Spy chief defended over flub
White House says he wasn’t briefed about terror plot
WASHINGTON — After the nation’s top intelligence official fumbled a simple question about terrorism on national television, the White House yesterday acknowledged that Director of National Intelligence James Clapper had been in the dark about a potential terrorist plot disrupted in England.
It was an inconvenient distraction for the Obama administration, which had hoped to use the day to reassure Americans it had fixed the mistakes that nearly allowed a militant to take down a US-bound airliner last Christmas.
Clapper appeared stumped Tuesday night when asked on ABC News whether a significant terror plot uncovered in London could have security implications in the United States. The plot had received significant news coverage this week and was a major focus in the United Kingdom, America’s closest intelligence partner.
“London?’’ Clapper asked, looking across the table at President Obama’s homeland security adviser, John Brennan, who was also being interviewed.
In practice, British and American authorities work hand-in-hand on such cases regardless of how involved senior intelligence officials get. But it was an embarrassing moment for the director of national intelligence. The job, created after the Sept. 11 terrorist attacks, has failed to live up to its billing as a central, strong overseer of the nation’s intelligence infrastructure.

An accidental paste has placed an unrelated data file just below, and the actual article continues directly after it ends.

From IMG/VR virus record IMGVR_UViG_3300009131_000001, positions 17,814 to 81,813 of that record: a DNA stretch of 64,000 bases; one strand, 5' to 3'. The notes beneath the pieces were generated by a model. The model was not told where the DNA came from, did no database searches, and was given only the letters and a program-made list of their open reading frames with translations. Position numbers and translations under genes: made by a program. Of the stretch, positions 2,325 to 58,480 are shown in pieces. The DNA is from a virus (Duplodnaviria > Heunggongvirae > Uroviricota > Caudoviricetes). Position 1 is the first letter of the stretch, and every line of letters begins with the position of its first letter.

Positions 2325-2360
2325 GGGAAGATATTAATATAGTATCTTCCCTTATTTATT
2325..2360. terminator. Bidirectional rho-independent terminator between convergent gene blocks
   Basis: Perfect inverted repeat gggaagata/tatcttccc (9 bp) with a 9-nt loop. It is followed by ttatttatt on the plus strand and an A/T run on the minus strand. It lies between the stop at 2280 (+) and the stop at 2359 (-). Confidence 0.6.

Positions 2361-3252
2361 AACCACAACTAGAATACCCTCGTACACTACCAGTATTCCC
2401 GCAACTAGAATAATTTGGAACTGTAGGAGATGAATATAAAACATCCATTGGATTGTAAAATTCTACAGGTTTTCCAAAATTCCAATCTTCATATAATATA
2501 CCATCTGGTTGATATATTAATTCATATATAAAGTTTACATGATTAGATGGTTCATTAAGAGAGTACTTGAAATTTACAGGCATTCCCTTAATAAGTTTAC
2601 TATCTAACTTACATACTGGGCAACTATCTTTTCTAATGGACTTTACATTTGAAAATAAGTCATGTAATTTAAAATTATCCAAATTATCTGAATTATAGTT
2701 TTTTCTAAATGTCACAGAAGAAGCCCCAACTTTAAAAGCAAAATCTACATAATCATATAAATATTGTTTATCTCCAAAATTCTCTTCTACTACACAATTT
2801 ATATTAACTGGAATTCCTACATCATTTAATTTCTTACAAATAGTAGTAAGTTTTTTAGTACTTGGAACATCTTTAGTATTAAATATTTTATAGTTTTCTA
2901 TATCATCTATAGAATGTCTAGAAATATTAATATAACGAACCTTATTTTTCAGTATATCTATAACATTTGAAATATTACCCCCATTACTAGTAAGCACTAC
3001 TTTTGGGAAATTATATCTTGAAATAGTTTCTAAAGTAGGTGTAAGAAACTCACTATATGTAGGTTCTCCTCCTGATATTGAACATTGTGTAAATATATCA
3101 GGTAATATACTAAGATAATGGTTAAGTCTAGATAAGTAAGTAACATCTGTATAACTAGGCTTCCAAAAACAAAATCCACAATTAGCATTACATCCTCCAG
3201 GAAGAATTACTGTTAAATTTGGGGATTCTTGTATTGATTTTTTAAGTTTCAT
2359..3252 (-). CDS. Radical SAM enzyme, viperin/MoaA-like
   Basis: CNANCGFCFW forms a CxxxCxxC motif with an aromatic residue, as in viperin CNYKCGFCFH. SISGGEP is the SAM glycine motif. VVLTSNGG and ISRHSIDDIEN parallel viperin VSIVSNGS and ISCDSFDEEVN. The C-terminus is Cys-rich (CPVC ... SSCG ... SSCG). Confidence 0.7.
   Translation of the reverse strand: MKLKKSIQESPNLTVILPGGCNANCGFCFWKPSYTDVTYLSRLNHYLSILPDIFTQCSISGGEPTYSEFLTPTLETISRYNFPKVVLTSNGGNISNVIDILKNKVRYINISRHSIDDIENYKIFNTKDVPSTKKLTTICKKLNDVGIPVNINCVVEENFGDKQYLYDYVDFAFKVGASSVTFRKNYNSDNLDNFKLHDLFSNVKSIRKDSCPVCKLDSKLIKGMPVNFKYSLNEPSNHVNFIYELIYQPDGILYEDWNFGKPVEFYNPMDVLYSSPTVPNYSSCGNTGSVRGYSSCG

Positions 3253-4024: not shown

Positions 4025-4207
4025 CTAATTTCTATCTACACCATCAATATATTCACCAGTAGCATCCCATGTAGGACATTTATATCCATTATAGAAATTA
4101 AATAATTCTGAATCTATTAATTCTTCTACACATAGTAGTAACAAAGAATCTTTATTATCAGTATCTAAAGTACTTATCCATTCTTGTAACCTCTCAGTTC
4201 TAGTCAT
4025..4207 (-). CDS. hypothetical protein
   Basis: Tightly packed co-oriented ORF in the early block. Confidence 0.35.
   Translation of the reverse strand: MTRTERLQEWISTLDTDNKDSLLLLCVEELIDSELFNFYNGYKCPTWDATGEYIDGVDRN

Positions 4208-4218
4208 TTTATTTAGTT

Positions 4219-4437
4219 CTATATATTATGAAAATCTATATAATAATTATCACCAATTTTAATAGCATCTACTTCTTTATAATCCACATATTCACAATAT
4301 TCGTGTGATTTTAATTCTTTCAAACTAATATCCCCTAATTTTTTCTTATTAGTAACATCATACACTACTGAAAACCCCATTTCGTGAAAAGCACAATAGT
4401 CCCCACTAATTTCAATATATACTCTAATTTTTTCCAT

And the image of Clapper turning, perplexed, to Brennan, only reinforced the impression by many in the intelligence community that Brennan really controls the nation’s intelligence apparatus.
Brennan said Clapper had been preoccupied with tensions between North and South Korea and with helping ensure the passage of a nuclear weapons treaty with Russia.
“Should he have been briefed by his staff on those arrests?’’ Brennan said. “Yes.’’
After stepping up airstrikes against terrorism suspects in Pakistan early in his term, the Obama administration has faced repeated threats at home over the past year.
Last Christmas a suspect linked to Al Qaeda was discovered with a bomb in his underwear after he nearly detonated the device aboard a plane as it approached Detroit. In May, a Pakistani-American attempted to set off a car bomb in Times Square. In October, Al Qaeda in Yemen placed sophisticated bombs onto cargo and passenger planes before authorities prevented their explosion.
In response, the administration has doubled the size of the nation’s no-fly list. It has promised to better connect the dots to spot emerging terror threats. And it recently heightened security screenings at airports using new scanners and more invasive pat-downs.
“We are in much better position today than we were last year at this time,’’ Brennan said.